Santos has pleaded not guilty to all the federal charges and has accused those seeking to expel him of acting as “judge, jury and executioner.” 

“Evidence isn’t really conviction or a verdict, and allegations neither,” he said during his press conference.

The Ethics Committee’s report

The Ethics Committee announced in March that it had opened a formal investigation into Santos to examine a host of alleged wrongdoing, including whether he engaged in unlawful activity regarding his 2022 congressional campaign, failed to disclose required information on House reports, violated federal conflict of interest laws and engaged in sexual misconduct toward a prospective congressional aide.

During the course of its seven-month probe, the committee amassed “substantial evidence” that Santos broke the law and accused him of engaging in a “complex web” of illegal activity involving his campaign, personal and business finances, according to its report. Congressional investigators found that Santos misused campaign contributions to cover his personal expenses, including at luxury retailers, resorts and for cosmetic treatments; reported fictitious loans to his political committees; and filed false reports to the Federal Election Commission.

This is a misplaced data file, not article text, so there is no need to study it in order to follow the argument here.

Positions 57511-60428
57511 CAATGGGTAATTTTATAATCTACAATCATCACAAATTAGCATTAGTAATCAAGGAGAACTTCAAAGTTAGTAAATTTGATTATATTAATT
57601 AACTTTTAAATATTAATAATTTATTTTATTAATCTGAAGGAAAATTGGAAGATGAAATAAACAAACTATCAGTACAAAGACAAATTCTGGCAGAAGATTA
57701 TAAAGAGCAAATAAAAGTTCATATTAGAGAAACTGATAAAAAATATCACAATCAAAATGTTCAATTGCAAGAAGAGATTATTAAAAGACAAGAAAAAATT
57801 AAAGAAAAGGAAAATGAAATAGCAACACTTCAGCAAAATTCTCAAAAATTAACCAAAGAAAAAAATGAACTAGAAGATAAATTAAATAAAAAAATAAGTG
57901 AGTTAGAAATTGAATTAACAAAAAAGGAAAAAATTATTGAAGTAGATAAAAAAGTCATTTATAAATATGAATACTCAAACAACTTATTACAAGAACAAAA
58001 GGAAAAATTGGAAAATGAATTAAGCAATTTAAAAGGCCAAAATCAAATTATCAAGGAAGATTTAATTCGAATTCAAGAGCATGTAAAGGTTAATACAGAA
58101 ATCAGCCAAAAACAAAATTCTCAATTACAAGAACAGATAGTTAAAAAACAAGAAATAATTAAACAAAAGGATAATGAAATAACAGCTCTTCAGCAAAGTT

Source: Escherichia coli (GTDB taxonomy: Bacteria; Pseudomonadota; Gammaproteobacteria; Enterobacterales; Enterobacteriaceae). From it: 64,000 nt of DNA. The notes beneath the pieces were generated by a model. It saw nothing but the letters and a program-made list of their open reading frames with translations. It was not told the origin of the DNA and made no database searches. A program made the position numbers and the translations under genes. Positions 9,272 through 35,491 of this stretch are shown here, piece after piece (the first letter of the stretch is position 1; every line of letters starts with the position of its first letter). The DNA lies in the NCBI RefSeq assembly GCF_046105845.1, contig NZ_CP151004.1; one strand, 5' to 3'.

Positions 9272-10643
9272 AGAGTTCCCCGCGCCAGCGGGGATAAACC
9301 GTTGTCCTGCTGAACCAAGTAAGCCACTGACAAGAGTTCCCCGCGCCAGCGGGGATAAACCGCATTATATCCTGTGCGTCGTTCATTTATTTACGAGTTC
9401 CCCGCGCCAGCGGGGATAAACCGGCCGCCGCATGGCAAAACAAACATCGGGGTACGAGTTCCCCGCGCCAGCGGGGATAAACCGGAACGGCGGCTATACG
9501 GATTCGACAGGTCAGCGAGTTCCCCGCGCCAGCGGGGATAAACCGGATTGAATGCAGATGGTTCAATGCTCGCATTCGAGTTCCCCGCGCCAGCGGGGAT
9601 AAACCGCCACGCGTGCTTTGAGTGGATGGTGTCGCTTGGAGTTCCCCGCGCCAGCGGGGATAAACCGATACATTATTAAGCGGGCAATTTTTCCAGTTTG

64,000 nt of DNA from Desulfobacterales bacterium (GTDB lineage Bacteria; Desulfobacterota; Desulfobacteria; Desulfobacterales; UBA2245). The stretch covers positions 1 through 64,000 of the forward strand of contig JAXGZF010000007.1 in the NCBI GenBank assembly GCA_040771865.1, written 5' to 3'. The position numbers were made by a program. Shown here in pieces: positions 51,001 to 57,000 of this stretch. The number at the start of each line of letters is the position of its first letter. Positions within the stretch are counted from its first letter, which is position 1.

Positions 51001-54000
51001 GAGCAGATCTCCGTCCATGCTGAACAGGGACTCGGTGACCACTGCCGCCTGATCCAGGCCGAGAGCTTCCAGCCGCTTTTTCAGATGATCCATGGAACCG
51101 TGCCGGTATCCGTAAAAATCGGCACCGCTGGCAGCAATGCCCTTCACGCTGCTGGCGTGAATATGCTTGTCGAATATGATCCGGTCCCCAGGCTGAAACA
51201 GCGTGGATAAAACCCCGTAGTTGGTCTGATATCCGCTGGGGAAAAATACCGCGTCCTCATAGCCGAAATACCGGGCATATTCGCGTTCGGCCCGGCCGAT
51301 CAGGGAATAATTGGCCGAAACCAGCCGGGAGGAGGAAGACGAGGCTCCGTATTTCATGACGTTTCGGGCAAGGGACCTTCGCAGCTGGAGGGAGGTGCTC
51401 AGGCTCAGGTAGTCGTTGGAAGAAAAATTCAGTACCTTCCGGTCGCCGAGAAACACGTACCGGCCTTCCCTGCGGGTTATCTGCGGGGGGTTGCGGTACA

They also said that while Santos pledged to cooperate with the committee’s probe, he engaged in “obfuscation and delay” with the panel. Though the congressman has blamed his former campaign treasurer, Nancy Marks, for campaign finance violations, House investigators said Santos was “a knowing and active participant in the misconduct.”

The GOP congressman slammed the committee’s report as politically motivated, claimed it poisoned the jury pool in his federal case and set a “dangerous” precedent. 

“Because this precedent sets a new era of due process, which means you are guilty until proven innocent, we will take your accusations and use it to smear, to mangle, to destroy you and remove you from society. That is what they are doing with this,” he said last week.

Santos survived two earlier efforts to expel him from Congress, when lawmakers voted not to punish him because of his ongoing criminal case and the Ethics Committee probe. But many of his colleagues reversed their positions after congressional investigators completed their review.

This post was originally published on CBS News